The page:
About a third of the respondents in private health facilities were aware of the disease reporting forms and only a few of these could correctly list the IDSR forms as opposed to majority of those in the public health facilities who knew the disease reporting forms and a third who could correctly list the IDSR forms. This is probably due to low reporting of diseases using the IDSR forms in the private hospitals than the public hospitals and this finding also has dire implications for disease control efforts. A small percentage of public and private health personnel correctly identified form 001. This finding was consistent with that of the study carried out in Enugu, Nigeria where identification of disease reporting forms was consistently better among workers in public health facilities than their counterparts in the private ones.[17]

Attitude towards IDSR was positive among respondents from both types of facilities studied as almost all respondents in the public facilities and majority of those in the private ones felt that IDSR was important. This positive response is important in achieving high standard of surveillance and notification and ultimately effective disease control. This is in keeping with the findings of studies carried out in Oyo State, Nigeria; Zambia and India on disease surveillance where all the respondents felt it was important to report notifiable diseases.[15],[16],[18] A similar proportion of respondents in both public and private health facilities felt that IDSR was useful in disease surveillance and this is also commendable and only a small proportion felt that IDSR did not help to limit disease spread. In terms of support for IDSR activities by local and state governments, more respondents in the public than the private health facilities felt that the governments provided adequate support for IDSR activities. The public health facility workers are government employees and previous studies have shown that public health facilities are more involved in IDSR activities than the private ones.[11],[19]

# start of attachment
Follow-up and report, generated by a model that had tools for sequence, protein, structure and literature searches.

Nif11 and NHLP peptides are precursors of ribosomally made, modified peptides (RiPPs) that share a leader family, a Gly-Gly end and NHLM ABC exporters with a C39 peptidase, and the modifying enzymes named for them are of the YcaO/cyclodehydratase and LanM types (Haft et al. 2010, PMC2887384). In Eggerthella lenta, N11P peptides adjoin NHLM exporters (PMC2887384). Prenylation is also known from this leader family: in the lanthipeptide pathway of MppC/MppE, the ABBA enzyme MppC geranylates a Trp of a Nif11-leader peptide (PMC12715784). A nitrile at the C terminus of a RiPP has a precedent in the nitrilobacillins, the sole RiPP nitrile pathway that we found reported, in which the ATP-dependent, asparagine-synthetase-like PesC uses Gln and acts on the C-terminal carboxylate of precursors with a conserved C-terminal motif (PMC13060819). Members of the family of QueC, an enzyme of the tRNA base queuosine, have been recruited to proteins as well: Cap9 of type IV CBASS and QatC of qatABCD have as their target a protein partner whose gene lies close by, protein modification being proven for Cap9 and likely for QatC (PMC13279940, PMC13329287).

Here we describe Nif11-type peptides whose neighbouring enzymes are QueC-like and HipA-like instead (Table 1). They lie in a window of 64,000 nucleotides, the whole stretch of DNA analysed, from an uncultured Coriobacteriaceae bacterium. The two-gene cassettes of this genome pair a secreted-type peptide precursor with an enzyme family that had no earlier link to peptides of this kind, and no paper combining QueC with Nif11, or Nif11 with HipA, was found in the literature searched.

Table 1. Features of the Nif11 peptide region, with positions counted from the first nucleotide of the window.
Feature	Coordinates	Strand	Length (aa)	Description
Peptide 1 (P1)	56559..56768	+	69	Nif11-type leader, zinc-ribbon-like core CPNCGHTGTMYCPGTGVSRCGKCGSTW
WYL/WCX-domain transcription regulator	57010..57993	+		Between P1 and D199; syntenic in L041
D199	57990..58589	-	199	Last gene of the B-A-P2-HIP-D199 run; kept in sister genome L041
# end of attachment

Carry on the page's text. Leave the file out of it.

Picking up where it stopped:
More than half of respondents in the public and a little less than half of those in private health facilities felt that there was effective communication in coordinating IDSR in the state between the health facilities, local governments and the state Ministry of Health. This poor perception about effective communication is certainly a reflection of the low involvement of these facilities in IDSR co-ordination in the local government and state. This is consistent with the study conducted in South-east Nigeria where half of the respondents felt that there was lack of adequate coordination and communication between the health facilities, the district health office, provincial health office as well as the Ministry of Health Headquarters.[7]